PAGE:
Don’t cry … Onion growing easy and delicious!

Clockwise top from left: Different types of table (large) onions, green onions (scallions), table onion ready for harvest, onion sets being planted.
Clockwise top from left: Different types of table (large) onions, green onions (scallions), table onion ready for harvest, onion sets being planted.

Besides asparagus, there is nothing that signals spring vegetable gardening to me more than growing some sweet, mild green onions (scallions). And paraphrasing the old Doublemint commercial, onions are “two, two, two plants in one!”

The amazing thing about growing onions from sets, which is what I will talk about in this column, is that the same set can produce the long, sweet, mild fresh green scallion or a regular large, robust flavored table onion (the round ones); it just depends on how deep and far apart you plant them. I tell you, nature is amazing every single day.

So, what is this “set” I am referring to? Aren’t most vegetables usually grown from seed? Well, yes. And onions, too, can be grown by seed, but I would have had to write that column, back in December, because growing onions from seed is a long process. You plant them in January for summer harvest.

Sets are onion bulbs that grew from seed for one season and then are harvested and dried. And most importantly, the easiest way to grow onions in Will County. The curious thing is that for a green onion, which is long and slender and more mild tasting at harvest, you choose the largest onion sets; to grow a “regular” table (round) onion, you choose the smaller sets. I always thought it would be the opposite.

The way you plant onions — both the depth and the spacing — also determine how the onion will grow. This is the most important step to remember. For growing scallions (green onions), you plant those largest sets one and a half (1 ½ “) inches deep and have the sets just touching each other.

It is easiest when planting green onions to dig a furrow and then lay the onion sets side by side. Since all onions grow straight up vertically, spacing between rows doesn’t have to be large, just enough foot space to walk between to harvest.

Harvesting green onions is easy. Pull them up as you need them. Recommendations are that green onions should be harvested when the leaves are 8”- 10” tall, but you can harvest a little sooner. It depends on how you like your green onions.

A note on that. When I was growing up, green onions were half wasted, it seemed to me. Mom and grandma would chop the white bottom half and discard the tops (into the compost, of course). And I remember a glass of green onions on the dinner table in the center of the relish tray, and again, people would just eat the white part. Now I am not here to judge, but why waste the green half? It is delicious!

Green onions are ready for harvest in three weeks to a month. But as with many vegetables, especially the early spring ones, the longer they are growing, the more chance they are to get bitter and strong, with a woody texture.

It is best to harvest and use green onions literally from the garden to the table. To store green onions (for up to a week) in the refrigerator, harvest, wash soil off and put in a plastic bag with a damp paper towel. Remove any shriveled or yellowed leaves.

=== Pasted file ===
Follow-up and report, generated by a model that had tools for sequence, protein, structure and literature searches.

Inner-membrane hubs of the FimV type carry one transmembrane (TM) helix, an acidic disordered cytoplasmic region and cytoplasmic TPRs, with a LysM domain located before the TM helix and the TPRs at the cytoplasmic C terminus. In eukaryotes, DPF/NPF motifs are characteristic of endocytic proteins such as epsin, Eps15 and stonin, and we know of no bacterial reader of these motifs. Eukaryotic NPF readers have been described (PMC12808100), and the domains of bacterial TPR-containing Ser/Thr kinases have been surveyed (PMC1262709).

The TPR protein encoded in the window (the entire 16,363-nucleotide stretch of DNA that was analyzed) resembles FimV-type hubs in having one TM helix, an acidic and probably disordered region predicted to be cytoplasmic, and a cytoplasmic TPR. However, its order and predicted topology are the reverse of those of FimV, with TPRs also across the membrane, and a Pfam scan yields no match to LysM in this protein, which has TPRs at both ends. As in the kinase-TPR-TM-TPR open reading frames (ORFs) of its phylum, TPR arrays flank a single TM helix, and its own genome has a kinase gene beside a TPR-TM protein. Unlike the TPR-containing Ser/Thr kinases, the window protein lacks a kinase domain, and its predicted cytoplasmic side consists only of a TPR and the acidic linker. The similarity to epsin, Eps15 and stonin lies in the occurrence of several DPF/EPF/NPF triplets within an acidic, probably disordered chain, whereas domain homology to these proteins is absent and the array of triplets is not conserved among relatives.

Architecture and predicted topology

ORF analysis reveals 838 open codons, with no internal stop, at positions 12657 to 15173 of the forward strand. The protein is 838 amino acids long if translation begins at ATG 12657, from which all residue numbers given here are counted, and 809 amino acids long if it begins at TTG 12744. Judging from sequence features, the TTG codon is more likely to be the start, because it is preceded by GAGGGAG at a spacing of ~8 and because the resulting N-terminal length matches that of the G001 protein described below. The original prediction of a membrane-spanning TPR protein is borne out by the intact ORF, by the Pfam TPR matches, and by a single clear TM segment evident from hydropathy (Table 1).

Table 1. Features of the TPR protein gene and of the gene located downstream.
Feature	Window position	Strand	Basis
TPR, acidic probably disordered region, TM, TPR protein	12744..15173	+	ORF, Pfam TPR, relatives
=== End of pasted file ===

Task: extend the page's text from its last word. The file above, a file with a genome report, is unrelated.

Green onions can be repeatedly planted throughout the growing season so buy some extra onion sets, so you can have those fresh, green onions growing all garden-season long. Store them in a dry, dark cool space until needed. Humidity and warm temps will cause them to sprout.

For round onions, everything is the opposite as described above for green onions. For planting, you choose the smallest of the onion sets you have. Planting is different, too. Now you are going to plant the sets very shallow, only ½ – 1” deep, and space them apart 3 to 4 inches apart. Spacing rows 18” apart.

And, unlike green onions which seem to be ready as soon as you are done planting, table/storage onions will grow all summer, being ready for harvest, depending on the variety, in three to four months. The great thing about table onions is they actually tell you when they are ready to be harvested.

No, they don’t text you or send you an email. Even better, their tall green tops start to fall over. And the “shoulders” of the onions often rise above the soil. Harvest should be done only when two-thirds of the tops have fallen over.

And depending on the variety of onions you grow — some are better than others for long-term storage — you will want to “cure” your onions, so you get the longest possible storage time. Curing is simple. First do not wash the onions, just brush away surface soil. As they cure, the rest of the soil will fall away. Also keep their tops on. Then lay the onions out separately in a warm, dry area with excellent ventilation.

After two to three weeks the onions tops and necks will dry, and the outer skin will look like the onions you buy at the store. Then you can cut off the tops, being sure not to cut into the onion itself and trim back any remaining roots.

When it comes to storage, if you are old enough, you remember the ideal place — the root cellar, an unheated basement room that maintained everything from all the canned goods put up over the growing season and all of the root vegetables, including onions. In modern day, the goal is the same though — keeping onions cool, dark and dry. (Not refrigerated).

Purdue University has an excellent fact sheet on growing onions that has about 30 different recipes linked to it. Here is the link:, and if you don’t use computers, just call our office at 815-727-9296, and we will mail you a paper copy.

You can also grow onions and many other vegetables in containers. More on that in a future column.


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